An arcade game, produced and developed by Sega and Sega Rosso, respectively. Initial D: Arcade Stage is based on the extremely popular Japanese street racing anime Initial D, and was released in mid-2002. I've not seen many racing arcade games that feature anything other than Formula One or NASCAR-style cars, so this Gran Turismo-like racer is a real treat.

Gameplay is mostly straightforward -- you select your car from a selection of six real Japanese automakers (Toyota, Mazda, Subaru, Mitsubishi, Honda and Nissan), your transmission style (manual or automatic), and lastly, the mode which you want to play -- Story Mode (or, "real racing"), featuring characters, cars and courses from the anime, or Time Attack, which lets you tackle a course alone (recommended to get the feel of a track). Once you make your selections, you can get your race on. You can race almost every character from the anime at one point, from racing newbie Itsuki in his Corolla Levin to drift ninja Ryosuke Takahashi in an FCRX-7 -- and even the main character of the series, Takumi Fujiwara. Depending on the machine, you might also be able to go mano e mano with another human player.

Sounds just like any other racing game? Well, the thing about Initial D is that all the courses are winding mountain roads with short straightaways and lots of sharp turns -- therefore, the car with the most power will not always win (consequently proven by Takumi Fujiwara's 150 horsepower AE86 in the anime, as he trounces Mazda RX-7s and Nissan Skylines with upwards of 300 hp). The key to winning is to use a racing technique called drift. Basically, you want to go into a corner at a high speed, and "slide" your car through it so that you're pointing the direction you want to exit the corner at. This is appreciably tough in real life, but simplified for obvious reasons in the game.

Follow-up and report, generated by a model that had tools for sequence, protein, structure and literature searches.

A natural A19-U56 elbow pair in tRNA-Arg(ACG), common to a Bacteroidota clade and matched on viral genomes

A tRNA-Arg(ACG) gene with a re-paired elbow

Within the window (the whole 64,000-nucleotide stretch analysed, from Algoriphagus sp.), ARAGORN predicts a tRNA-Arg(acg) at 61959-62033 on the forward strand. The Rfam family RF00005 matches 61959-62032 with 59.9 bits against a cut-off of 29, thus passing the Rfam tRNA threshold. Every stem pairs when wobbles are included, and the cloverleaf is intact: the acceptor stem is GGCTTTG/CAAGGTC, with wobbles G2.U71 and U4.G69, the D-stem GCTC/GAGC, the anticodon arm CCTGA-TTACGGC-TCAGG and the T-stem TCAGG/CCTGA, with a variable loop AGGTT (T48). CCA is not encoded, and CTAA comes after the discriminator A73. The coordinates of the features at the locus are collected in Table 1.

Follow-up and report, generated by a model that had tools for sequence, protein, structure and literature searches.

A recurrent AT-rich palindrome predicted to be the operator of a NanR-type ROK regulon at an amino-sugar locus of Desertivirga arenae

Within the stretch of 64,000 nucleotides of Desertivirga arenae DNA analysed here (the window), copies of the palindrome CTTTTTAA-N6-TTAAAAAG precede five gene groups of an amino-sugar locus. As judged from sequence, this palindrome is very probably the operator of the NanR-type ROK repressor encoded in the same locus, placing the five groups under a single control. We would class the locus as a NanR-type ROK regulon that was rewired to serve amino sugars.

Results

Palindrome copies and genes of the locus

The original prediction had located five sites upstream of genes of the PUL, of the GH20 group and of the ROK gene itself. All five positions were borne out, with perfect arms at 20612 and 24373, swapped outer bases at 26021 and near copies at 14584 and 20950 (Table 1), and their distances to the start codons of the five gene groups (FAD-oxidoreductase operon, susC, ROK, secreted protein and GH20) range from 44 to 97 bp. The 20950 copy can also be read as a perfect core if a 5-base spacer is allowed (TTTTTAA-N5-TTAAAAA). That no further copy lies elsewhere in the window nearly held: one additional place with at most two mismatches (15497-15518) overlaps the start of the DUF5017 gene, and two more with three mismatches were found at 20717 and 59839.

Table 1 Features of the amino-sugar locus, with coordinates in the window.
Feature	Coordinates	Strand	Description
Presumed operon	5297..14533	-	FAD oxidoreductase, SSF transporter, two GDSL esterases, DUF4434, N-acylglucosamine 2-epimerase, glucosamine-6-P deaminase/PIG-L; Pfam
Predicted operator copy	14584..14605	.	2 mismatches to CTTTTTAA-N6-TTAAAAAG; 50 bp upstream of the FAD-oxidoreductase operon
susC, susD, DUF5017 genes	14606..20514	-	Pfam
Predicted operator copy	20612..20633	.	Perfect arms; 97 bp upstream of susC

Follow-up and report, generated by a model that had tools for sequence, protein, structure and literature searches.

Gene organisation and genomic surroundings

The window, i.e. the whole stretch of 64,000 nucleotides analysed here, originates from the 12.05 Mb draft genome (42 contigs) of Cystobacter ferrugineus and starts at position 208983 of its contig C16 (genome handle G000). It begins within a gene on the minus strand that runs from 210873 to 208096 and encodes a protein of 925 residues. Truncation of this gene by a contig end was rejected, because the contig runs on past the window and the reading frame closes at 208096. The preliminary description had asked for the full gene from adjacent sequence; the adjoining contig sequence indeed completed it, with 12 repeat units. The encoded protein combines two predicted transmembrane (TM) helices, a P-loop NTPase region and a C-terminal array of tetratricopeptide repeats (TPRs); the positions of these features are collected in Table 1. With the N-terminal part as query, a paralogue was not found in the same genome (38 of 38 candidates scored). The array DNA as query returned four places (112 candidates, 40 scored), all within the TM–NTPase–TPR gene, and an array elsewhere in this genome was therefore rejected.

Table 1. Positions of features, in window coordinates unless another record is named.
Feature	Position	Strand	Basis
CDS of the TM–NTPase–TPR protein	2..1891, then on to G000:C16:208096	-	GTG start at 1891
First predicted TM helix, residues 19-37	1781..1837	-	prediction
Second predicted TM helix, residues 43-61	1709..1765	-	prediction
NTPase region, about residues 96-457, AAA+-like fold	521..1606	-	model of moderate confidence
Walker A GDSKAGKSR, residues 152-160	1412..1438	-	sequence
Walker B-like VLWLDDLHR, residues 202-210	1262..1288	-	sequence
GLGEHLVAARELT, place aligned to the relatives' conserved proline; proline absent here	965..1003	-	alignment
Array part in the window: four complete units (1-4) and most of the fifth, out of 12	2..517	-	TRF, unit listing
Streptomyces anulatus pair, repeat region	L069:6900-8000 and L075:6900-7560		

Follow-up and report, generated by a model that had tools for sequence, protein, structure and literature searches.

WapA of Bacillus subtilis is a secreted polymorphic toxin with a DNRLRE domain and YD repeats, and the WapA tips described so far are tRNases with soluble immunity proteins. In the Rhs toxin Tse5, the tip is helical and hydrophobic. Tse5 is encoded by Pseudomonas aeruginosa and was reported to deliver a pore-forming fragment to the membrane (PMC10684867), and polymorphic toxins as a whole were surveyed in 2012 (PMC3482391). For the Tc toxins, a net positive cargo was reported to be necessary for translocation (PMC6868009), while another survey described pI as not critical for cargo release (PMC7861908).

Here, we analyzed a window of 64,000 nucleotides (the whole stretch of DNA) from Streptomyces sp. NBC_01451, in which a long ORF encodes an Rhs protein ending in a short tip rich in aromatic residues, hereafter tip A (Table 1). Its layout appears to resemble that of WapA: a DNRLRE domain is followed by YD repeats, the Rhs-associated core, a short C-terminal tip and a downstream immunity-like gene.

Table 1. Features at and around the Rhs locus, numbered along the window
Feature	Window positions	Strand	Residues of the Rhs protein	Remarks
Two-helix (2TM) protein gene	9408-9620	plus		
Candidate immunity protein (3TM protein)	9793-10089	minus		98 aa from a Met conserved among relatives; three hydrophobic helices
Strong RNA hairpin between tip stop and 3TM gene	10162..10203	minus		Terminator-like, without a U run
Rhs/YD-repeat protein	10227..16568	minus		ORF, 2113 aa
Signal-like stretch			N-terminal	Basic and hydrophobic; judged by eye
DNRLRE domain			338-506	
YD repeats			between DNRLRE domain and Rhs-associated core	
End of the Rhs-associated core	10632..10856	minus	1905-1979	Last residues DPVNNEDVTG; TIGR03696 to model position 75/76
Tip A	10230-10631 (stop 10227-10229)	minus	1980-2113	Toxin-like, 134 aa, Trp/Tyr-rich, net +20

An interesting feature of the Initial D arcade game is the use of special cards that keep track of your progress in the game's different modes, similar to the removable memory card media used in console systems such as the PlayStation 2 (for a little extra money, of course). Your name, car, and transmission are also saved to the card, so when you make your selections, keep in mind they're permanent. Cards also have a limited number of saves -- something like 50.

A list of cars in Initial D: Arcade Stage.

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